As part of his crusade to reduce the burden on the taxpayer and lower the national debt David Cameron has today announced plans to make costing the government money a crime. "Just because people pay taxes, people think they can spend taxes," he said. "It's just not on."
The planned bill, which the coalition hopes to get through Parliament within the current term, will make it a crime to be young, old, sick, unemployed, pregnant or giving up smoking. "The harshest penalties will clearly be reserved for young unemployed mothers who are pregnant again and trying to stop smoking," explained the Prime Minister. "But really we've got to be harsh on all these people. I mean, Labour wanted to spend money on schools! It was a crazy, irresponsible idea."
When asked whether CEOs in the arms industry will also be criminalised the Prime Minister explained that they did not fall within the remit of the bill. "What you've got to understand is that there is such a thing as good government spending," he said. "There are all sorts of things we politicians need to spend money on. But spending on people is bad government spending, because they don't deserve it. If they did deserve it, why would they need help?"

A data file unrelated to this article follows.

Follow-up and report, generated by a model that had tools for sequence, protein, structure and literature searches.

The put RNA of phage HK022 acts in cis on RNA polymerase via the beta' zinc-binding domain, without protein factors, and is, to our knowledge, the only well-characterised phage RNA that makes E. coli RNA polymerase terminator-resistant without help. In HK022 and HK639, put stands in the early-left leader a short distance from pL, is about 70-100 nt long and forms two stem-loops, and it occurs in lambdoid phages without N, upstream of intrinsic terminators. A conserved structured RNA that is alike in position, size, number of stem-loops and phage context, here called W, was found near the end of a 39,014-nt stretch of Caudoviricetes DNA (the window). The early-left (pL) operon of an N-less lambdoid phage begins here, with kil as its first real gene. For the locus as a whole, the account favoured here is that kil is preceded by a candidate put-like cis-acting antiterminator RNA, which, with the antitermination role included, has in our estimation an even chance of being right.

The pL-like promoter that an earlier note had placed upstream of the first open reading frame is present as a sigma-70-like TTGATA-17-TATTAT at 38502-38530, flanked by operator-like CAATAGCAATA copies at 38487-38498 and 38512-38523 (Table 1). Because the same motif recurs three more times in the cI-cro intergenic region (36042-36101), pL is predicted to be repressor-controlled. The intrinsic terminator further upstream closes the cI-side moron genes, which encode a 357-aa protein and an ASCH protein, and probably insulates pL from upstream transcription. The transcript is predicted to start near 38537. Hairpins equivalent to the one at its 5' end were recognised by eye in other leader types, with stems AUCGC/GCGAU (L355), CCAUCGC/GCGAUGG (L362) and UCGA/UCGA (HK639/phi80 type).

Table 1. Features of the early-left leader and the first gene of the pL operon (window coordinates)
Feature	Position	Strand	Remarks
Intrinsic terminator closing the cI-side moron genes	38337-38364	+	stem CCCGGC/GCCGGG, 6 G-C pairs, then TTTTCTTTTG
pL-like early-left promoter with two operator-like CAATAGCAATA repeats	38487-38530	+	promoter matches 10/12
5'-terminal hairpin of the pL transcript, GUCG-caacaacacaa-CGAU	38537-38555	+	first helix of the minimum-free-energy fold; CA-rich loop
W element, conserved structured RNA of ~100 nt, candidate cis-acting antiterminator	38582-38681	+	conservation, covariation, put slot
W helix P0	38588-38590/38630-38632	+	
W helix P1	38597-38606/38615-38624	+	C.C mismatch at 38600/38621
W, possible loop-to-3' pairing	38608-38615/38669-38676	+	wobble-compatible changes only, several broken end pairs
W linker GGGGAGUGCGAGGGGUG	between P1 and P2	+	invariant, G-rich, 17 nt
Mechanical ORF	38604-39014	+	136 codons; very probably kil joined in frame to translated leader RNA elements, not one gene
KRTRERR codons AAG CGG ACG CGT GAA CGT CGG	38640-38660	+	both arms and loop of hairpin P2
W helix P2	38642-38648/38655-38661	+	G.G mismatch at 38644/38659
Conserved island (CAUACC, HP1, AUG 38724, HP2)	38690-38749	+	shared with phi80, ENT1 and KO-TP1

The impact of the new law will be far-reaching. It is estimated that an extra 50,000 police officers will be needed nationally to enforce the law. An extensive privatised prison-building program is also envisaged to cope with the increased number of criminals. "The building of the prisons alone will create thousands of jobs to keep Eastern Europeans out of the domestic building trade," explained the Prime Minister. "And the running of the prisons will create tens of thousands of permanent jobs for people with inadequate educations."
A leaked memo from the Treasury estimates that the number of jobs created if the proposal become reality will roughly equal the number of jobs being lost as a result of public sector cutbacks. "We wish the Treasury would stop leaking like a sieve," said a Conservative spokesman. "But in this case it shows that we really do understand how to fix Britain's economy without endangering jobs."